Pet Case: Snickers the schnauzer

The case of the bloody urine.

Let’s check your knowledge today and see what you can come up with for this case I had a few weeks ago.

Patient is a canine (dog), female, spayed, five-year-old schnauzer. The owner brought the dog in because she was urinating all over the house. The owner said that Snickers had been urinating in the house, very frequently and struggling a little when urinating.

What do you think so far?

Exam

I examine Snickers and she is bright, alert and healthy. Everything about her physical exam appeared normal except for a little pain in her abdomen.

Immediately, I start thinking about what could cause these clinical signs:
1. urinary tract Infection
2. urinary bladder stones
3. kidney disease
4. cancer

These are just a few things running through my head I as finish up my exam.

Diagnostics

Diagnostics are so important when it comes to diagnosing your pet’s problem. Even though I may see a lot of the same cases every day, I also have some weird stuff thrown in the mix and I don’t want to miss something! In order to properly diagnose Snickers, I wanted to take a sample of her urine to test and do a radiograph (x-ray) to check for bladder stones.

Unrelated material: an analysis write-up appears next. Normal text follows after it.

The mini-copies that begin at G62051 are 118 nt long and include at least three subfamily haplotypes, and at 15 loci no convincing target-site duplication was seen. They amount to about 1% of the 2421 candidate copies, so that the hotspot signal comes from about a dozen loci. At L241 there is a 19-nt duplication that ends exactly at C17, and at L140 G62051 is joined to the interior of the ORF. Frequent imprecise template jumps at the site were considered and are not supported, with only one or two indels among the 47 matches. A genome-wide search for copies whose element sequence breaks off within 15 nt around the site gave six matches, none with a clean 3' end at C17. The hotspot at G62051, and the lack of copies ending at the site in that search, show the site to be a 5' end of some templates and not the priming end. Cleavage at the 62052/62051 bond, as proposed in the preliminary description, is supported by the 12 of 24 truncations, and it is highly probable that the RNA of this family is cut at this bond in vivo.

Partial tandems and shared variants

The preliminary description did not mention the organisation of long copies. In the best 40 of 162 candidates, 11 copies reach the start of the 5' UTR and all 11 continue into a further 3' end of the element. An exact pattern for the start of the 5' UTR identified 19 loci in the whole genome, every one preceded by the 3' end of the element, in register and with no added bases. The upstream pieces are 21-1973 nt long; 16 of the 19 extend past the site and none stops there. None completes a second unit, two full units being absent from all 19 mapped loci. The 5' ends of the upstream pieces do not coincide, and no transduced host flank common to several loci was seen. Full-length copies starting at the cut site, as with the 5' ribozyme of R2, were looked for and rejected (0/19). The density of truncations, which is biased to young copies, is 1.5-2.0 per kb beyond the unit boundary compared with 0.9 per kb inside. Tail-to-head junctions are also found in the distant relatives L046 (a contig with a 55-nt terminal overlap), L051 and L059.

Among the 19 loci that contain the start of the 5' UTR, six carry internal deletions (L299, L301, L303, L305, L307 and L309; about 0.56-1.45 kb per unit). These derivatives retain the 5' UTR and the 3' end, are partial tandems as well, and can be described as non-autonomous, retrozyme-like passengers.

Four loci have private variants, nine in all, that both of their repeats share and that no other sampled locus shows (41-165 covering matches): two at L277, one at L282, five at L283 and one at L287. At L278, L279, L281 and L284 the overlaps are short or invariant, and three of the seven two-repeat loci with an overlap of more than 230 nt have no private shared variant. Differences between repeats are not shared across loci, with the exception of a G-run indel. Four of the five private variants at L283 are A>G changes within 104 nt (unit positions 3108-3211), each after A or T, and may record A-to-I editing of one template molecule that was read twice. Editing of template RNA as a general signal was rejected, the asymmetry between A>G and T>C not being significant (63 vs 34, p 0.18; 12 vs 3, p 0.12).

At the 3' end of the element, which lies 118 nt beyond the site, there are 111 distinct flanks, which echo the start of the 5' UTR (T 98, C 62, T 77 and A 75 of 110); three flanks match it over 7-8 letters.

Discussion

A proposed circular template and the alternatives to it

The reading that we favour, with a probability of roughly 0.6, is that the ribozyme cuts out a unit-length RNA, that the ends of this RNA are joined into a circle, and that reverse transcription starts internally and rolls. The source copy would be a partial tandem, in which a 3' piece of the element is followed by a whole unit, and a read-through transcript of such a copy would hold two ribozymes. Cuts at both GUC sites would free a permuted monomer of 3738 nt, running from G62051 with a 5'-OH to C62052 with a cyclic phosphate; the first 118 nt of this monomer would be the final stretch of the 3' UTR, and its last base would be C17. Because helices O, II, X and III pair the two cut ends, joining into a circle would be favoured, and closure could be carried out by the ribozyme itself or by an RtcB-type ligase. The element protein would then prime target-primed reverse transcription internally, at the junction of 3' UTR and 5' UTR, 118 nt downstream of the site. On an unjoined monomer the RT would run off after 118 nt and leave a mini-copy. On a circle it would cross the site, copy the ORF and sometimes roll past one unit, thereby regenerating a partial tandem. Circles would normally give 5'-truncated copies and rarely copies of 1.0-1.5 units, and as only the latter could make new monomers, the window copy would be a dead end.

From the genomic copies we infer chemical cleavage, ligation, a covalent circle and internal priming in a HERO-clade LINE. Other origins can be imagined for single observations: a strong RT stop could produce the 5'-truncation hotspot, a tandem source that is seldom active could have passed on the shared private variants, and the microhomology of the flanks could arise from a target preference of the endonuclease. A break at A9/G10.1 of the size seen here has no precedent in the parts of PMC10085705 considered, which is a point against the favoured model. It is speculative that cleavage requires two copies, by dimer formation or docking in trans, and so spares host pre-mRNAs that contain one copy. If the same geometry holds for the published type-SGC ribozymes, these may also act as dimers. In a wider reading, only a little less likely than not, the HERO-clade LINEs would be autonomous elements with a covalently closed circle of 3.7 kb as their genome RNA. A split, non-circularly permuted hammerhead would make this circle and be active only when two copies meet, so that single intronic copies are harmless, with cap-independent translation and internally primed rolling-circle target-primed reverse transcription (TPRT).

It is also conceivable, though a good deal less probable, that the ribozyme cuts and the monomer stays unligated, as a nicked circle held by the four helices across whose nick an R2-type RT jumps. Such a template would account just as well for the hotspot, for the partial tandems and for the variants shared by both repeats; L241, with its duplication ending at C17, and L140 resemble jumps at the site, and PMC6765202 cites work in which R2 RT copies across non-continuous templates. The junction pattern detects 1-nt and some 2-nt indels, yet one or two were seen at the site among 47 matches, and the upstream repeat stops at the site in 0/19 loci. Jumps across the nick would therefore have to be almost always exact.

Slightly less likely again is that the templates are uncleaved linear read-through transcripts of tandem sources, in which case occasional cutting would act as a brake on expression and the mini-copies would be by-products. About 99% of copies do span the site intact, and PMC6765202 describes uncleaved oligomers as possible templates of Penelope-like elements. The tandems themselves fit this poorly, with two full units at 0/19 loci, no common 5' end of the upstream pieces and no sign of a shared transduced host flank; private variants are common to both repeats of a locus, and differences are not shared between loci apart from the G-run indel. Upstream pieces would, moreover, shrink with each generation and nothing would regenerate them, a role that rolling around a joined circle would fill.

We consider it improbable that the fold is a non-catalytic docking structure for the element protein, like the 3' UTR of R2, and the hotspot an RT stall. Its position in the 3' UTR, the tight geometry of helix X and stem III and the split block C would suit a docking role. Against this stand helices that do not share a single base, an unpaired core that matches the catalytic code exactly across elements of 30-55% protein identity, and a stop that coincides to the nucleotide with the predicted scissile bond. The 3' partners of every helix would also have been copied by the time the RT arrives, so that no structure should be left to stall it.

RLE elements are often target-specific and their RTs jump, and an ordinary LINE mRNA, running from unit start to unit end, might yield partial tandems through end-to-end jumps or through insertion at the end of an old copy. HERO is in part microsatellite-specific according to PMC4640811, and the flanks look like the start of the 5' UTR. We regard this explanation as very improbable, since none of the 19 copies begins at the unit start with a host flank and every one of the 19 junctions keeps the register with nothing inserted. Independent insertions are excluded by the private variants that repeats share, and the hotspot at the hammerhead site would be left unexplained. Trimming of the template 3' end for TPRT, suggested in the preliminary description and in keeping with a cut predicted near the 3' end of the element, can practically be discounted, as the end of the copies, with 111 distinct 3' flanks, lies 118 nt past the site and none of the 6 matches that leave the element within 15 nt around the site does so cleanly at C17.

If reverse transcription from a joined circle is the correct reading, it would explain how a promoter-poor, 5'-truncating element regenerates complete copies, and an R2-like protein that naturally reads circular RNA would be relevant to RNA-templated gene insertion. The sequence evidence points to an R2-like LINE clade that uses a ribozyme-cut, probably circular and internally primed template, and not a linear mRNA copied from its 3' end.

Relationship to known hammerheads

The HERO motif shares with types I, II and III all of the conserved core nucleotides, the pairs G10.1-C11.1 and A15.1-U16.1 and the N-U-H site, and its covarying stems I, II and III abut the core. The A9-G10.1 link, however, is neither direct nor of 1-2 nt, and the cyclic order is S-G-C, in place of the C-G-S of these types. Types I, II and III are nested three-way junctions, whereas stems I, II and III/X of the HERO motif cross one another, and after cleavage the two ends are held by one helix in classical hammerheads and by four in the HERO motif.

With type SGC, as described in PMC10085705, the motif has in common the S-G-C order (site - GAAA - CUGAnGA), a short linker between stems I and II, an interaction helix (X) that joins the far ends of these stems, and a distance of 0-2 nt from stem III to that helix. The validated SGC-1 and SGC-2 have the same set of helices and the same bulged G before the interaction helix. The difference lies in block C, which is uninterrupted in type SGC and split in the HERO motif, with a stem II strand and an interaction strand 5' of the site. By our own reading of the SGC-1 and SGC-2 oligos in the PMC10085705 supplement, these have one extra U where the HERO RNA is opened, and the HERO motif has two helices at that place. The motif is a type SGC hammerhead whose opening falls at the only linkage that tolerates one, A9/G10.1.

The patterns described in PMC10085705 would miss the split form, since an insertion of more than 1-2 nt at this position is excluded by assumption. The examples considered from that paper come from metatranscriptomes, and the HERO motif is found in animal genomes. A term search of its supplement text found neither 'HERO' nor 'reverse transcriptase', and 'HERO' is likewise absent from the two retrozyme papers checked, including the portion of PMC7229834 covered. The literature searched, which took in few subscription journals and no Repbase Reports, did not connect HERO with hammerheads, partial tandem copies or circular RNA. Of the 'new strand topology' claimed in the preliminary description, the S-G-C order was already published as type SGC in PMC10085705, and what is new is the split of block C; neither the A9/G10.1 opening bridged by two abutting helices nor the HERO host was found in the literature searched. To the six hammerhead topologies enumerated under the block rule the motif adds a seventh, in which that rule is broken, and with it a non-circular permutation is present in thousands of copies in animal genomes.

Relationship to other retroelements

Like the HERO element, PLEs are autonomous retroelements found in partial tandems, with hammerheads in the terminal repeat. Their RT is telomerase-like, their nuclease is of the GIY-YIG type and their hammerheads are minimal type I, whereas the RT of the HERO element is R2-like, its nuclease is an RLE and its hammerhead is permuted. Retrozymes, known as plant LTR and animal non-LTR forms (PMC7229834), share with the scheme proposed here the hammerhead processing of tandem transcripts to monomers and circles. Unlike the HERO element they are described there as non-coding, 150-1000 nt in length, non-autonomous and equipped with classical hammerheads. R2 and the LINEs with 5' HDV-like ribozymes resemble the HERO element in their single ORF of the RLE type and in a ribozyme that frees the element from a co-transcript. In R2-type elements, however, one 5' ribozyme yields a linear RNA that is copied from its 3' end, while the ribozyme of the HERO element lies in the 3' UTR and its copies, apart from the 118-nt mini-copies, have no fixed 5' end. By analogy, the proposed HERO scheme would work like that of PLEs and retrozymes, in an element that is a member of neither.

Ah ha! I love it when a plan comes together. There were some pretty bad looking stones in Snickers bladder that I could see on the radiograph.

Treatment

To remove the stones, we have to operate on Snickers, but before we can operate we must do pre-operative blood work

Have you ever had surgery? Did they draw your blood to be checked before surgery? Of course, but why? Doing blood work allows us to look for any red flags with the patient’s kidneys, liver, glucose, protein, etc. This helps to adjust what we need to do under anesthesia and warn us of various scenarios during surgery.

Snickers blood work came back fantastic.

We proceeded with a cystotomy. This is a fairly straight-forward surgery in which we open up the urinary bladder and remove the stones. Snickers had one GIANT urinary bladder stone and I was able to successfully remove it!

Post-operative care

Snickers was sent home the next day with antibiotics and anti-inflammatories. We also changed her diet to one that will help to prevent stones in the future. She is doing great!

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